The Srikrishnavalllabhacharya (P-250) in Yogashastra: Kirana Tika and the Jyotsna on Hathapradipika (III-79) encapsulates Sarvangasana yoga in its entirety.
Sarvangasana yoga requires the involvement of the entire body and also the mental faculties which involves three stages.
The counter pose of Sarvangasana yoga is the Matsyasana. To derive the optimum benefits, one must follow up Sarvangasana yoga with Matsyasana and must be preceded by Halasana.
While Matsyasana releases the sinews in the abdominal and dorsal portions, Sarvangasana yoga requires also these muscles to be deeply involved while carrying out the posture.
Sarvangasana is the alternative asana for the practitioners who cannot do Sirsasana. Nonetheless, even those people who have mastery over Sirsasana should also practise Sarvangasana. In fact, Sarvangasana has all the benefits of Sirsasana and more without having any of the side effects that Sirsasana may have on some people.
Sarvangasana can be linked to Viparit Karani by the experienced yogic practitioners. Besides, if one gains experrise in Viparit Karani, then it becomes quite easier to perform Sarvangasana. Moreover, it is a smooth transition from the Viparit Karani posture to Sarvangasana.
Sarvangasana has immense therapeutical and physical advantages for the dedicated practitioner.
This Sanskrit nomenclature ‘Sarvangasana’ is made up of the three terms ‘Sarva’, ‘Anga’ and ‘Asana’. ‘Sarva connotes ‘all’, ‘Anga’ means ‘portion’ and ‘Asana’ refers to the yogic posture. Therefore, ‘Sarvangasana’ means that yogic posture where the entire body is exercised.
- It is not for those people who may high blood pressure.
- It is also not recommended for people having serious cardiovascular disorders.
- It must not be practiced during pregnancy and menstruation. During menstruation, the body releases acidic blood and its back flow may adversely affect the womb.
- If you experience dizziness or palpitation while practicing, don’t carry on the posture.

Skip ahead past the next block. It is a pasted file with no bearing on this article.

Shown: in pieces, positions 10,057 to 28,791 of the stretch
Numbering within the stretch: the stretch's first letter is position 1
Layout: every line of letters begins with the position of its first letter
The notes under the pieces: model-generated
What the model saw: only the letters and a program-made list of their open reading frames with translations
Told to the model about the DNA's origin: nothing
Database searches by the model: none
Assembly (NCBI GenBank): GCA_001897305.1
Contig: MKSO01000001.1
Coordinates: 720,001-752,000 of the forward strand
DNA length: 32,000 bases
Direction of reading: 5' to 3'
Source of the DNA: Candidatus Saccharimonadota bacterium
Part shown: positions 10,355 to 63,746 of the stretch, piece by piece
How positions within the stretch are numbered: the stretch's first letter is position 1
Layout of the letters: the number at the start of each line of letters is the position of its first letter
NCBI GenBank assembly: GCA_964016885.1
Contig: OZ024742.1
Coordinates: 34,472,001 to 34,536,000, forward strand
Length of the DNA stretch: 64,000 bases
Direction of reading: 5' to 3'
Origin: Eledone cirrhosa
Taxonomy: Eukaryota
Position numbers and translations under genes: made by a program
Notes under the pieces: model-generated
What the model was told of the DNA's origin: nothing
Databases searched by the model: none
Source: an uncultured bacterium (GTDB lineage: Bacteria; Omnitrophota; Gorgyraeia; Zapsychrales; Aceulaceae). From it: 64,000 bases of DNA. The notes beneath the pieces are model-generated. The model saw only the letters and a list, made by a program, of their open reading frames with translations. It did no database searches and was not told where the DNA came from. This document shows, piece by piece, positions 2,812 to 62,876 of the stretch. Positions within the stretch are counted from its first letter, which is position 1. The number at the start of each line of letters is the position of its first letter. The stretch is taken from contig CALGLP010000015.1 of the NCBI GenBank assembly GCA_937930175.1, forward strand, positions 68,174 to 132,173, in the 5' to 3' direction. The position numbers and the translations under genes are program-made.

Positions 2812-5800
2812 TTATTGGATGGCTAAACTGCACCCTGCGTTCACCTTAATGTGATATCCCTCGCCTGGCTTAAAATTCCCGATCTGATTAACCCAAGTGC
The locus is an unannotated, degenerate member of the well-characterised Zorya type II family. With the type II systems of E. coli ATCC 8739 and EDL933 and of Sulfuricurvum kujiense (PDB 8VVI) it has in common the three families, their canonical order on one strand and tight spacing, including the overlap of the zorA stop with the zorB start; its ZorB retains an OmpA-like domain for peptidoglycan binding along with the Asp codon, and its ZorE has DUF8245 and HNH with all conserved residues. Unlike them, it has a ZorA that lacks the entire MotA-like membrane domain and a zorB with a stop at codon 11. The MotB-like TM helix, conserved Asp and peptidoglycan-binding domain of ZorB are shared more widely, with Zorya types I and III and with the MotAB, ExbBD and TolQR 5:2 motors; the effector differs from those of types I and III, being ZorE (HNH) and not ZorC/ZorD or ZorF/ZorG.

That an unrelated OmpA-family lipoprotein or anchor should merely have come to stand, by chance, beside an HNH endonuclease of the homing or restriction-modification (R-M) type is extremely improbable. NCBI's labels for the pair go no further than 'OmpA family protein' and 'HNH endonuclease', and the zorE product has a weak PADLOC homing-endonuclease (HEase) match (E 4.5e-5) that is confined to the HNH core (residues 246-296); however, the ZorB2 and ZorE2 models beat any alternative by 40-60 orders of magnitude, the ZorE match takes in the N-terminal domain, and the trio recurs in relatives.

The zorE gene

- It is not for people having eye troubles.
- It should be practiced only if you are above 15 years of age.
- Don’t practice Sarvangasana if you have any thyroid disorder or are suffering from cold or your nostrils are blocked.
IMPORTANT POINTS TO REMEMBER
- It is most ideal for people who are in their middle ages (beyond 40 years of age).
- It can be daily practiced by anyone who has a sound constitution.
- It rejuvenates the mind and the body.
- It also boosts concentration.
- First memorize and gain expertise for a smooth transition from one stage of Sarvangasana to the later stage. It only after this important phase should you practice the controlled breathing strategies.
- Sarvangasana should be practiced only thrice a day and not more.
- Each posture should be held on to for approximately 25 seconds.
- Gradually increase the holding-on time by five seconds. You will be able to remain in the posture up to three minutes at one go. This is the limit when you are doing other asanas as well.
- As you gain expertise, you can practice Sarvangasana just once with a longer holding-on period.
SARVANGASANA, MATSYASANA & HALASANA
- To get the maximum benefits perform Matsyasana and Halasana immediately after Sarvangasana.
- Regular practice of these three asanas (one after the other) guarantees good health.
- Actually, Matsyasana is the counter pose of Sarvangasana. Matsyasana frees the neck front (unlike Sarvangasana) while compressing the nape.
- Moreover, Matsyasana relaxes the abdominal and dorsal muscles while Sarvangasana requires pressure to be put on those sinews.
- Though one may be a regularly practising Sirsasana, yet one should also practise Sarvangasana as the latter has many more advantages for the regular practitioner.
- What is more Sarvangasana is easier than and also an ideal alternative to Sirsasana.
You should be having the normal breathing rhythm throughout the posture.
Subsequently, you can integrate the controlled breathing sequences as would be explained in the following sections.
Never quicken the breathing pace while pressure is being exerted in the thorax as you hold on to the posture.
Sarvangasana does not at all require the retention of breath.
There are four stages, viz., the common points, the starting pose, the absolute posture and the returning stage .
The absolute posture is again divided into relevant sub-sections so that you can concentrate on how to keep the different parts of your body while maintaining the balance and also during the actual Sarvangasana stage.
Let’s analyze each stage.
The Common Points
- Perform Sarvangasana yoga only on an empty tummy.
- Ensure that you have had a regular bowel movement.
- You must have emptied your bladder prior to beginning Sarvangasana.
- Don’t sneeze or cough while you are in the posture or doing the movements.
- During the entire course of the posture your head must be resting on the mat.
- While performing Sarvangasana, you should be in your normal self.
- While remaining in the chin-lock period, don’t gulp saliva.
- Do the Sarvangasana movements slowly and in a relaxed manner.
- You must have complete control over the Sarvangasana movements.
- Sarvangasana should not be done in haste or with jerks and jolts.
- Don’t separate the legs.
- Keep the heels and toes together.
- Don’t keep your toes pointed.
- Keep the knees straight and not bent.
- During the chin-lock period, never gulp down saliva.
- You should be practising Sarvangasana in a relaxed and a slow manner.